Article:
The Lancaster County Office of Mental Health/Mental Retardation remains the primary funding source for the Arch Street Center which also relies on private cash donations, foundation grants and other donations of food and equipment. Gifts of time and energy are expended by volunteer ranks, called Arch Supports, who help out at the center. “We are in a funding crunch right now,” said Carol. “We are looking at a $40.000 deficit this year.”
All members must be referred to the center by the Lancaster Guidance Center, psychiatrist, or family physician. “I’d like to see an increase in referrals to the center,” said Carol. Arch Street does not provide one-on-one counseling. Yet even though it’s not a treatment center, it provides socialization opportunities that Arch Street members would not otherwise get.
“I started coming here because once or twice a year I was in the psychiatric unit of the hospital,” said Evelyn. She was an introvert who only left her home to get food. She’d attend church but sit alone in the parlor where she could hear the service piped in through the public address system. Everything was a chore. She remembers going to Woolworth’s for a notebook. She couldn’t buy one because she couldn’t decide on the color.
The product of a “disastrous” 20-year marriage, Evelyn was further devastated when she was fired from a job she loved – one at which Evelyn thought she was proficient. At her doctor’s request, she started going to the Arch Street Center. She’d stop by at 3 p.m., sit in a corner by a lamp and look at the floor. “I couldn’t talk to anyone. I could do nothing, absolutely nothing,” she said. “I didn’t like the way I was.”
She repeated the routine weekly, leaving after the meals. Evelyn eventually became suicidal but was able to survive that emotional time period with the help of two key people: a former associate pastor at her church and an Arch Support who encouraged Evelyn to keep going to the center.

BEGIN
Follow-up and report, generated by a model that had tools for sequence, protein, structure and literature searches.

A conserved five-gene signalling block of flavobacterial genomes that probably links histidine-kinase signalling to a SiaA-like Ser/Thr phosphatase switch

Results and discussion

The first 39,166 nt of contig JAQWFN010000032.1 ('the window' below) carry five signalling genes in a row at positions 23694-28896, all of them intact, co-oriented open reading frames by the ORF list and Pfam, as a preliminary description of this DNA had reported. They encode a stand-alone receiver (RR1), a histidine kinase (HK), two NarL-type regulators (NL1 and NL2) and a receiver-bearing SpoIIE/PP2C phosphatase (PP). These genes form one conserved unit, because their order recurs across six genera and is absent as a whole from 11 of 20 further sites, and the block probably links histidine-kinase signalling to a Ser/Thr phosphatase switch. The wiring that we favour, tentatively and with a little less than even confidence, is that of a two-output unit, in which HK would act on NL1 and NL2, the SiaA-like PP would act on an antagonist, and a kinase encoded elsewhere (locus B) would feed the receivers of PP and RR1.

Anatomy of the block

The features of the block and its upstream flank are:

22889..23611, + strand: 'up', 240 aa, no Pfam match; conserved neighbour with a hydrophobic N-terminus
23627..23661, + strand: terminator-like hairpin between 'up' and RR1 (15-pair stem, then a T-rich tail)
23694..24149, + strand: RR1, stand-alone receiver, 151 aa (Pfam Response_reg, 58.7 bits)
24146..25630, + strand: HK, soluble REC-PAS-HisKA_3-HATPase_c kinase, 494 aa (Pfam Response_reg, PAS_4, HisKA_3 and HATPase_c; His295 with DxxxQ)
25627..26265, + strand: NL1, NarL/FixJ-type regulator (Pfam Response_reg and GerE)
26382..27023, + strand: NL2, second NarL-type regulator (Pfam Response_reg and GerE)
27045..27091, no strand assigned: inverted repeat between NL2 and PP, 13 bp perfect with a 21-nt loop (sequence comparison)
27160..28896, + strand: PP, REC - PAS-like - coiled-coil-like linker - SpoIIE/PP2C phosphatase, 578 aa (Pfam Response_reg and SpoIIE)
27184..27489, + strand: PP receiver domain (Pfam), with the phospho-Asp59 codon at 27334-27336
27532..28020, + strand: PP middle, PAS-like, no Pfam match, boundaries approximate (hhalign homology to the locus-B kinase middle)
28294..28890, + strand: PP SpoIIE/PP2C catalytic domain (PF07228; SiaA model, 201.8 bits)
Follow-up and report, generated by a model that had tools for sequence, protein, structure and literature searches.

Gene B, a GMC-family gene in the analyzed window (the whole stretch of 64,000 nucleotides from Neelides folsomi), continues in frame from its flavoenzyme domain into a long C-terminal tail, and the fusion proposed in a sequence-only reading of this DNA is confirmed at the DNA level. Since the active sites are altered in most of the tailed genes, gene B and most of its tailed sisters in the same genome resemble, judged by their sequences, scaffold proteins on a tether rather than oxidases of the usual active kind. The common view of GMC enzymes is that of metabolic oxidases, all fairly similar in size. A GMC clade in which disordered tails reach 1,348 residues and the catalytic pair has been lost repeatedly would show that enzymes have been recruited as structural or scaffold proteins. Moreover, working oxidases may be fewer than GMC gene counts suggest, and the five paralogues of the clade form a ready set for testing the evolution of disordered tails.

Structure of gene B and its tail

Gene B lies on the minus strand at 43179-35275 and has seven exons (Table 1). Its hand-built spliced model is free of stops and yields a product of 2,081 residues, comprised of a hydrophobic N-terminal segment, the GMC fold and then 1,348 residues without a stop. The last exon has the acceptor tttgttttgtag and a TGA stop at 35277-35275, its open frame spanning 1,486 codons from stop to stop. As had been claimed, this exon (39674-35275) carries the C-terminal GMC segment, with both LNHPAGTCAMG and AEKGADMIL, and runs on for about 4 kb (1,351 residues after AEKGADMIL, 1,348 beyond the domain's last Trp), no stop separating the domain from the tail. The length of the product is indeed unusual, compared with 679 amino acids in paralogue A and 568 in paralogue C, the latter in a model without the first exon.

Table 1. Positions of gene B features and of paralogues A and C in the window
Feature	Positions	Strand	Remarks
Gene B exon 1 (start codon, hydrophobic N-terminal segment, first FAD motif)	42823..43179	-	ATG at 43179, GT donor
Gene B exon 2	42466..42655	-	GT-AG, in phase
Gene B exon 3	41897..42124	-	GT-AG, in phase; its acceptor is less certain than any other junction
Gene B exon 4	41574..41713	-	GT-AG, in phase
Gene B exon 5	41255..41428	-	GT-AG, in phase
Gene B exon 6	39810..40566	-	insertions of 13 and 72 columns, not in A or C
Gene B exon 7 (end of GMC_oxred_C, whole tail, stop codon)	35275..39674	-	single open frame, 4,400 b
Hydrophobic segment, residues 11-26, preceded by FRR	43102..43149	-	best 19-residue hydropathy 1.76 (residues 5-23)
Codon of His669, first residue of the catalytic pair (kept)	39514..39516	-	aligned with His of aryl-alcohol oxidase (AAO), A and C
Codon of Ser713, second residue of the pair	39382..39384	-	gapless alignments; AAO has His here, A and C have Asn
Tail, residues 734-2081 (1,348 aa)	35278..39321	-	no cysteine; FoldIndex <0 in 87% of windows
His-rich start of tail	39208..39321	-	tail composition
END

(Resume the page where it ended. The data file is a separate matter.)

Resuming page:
She’s at the center all the time now. Not only does she edit the newsletter, but she does a lot of the reporting, as well. She’s won self-improvement contests., achievements that “let me know I really can do something.” Eventlyn continues to help the program coordinator with meal planning. To that end, she recently whipped up a couple of angel food cakes for the members as well as a batch of beef barbecue. She was just elected to the advisory board and this past winter, for the first time in years, didn’t spend any time in a hospital psychiatric unit.
She hears a lot of, “‘Evelyn, you’re doing a great job. I never got that from my family or others,” she said. “But I got it here.”
“We dwell solely on positive things,” said the Arch Street director, referring to members and staff. “We’re there when they’re down, we’re there when they’re up, we’re there when they’re in between.” Without a place like Arch Street, more people would be walking the streets and frequenting bars, Carol continued. Since Arch Street Center helps people out of the hospital, Carol calls it a form of preventative medicine.
Evelyn agrees. “It is amazing what a person can do when they know what they do is so appreciated. I am so appreciated here, I can even laugh at myself now.”
Evelyn believes God was saving her for something. “And I think the Arch Street Center is that something special.”
In addition to the Arch Street Center open house Sept 22, The Robert Bobby Band will present a benefit concert for the center Wednesday, Sept 14, from 9 p.m. to 1 a.m. at the Chameleon, 223 N Water St. Cost is $5.
The Sunday News – September 1, 1988
By Barbara Hough, Sunday News Staff Writer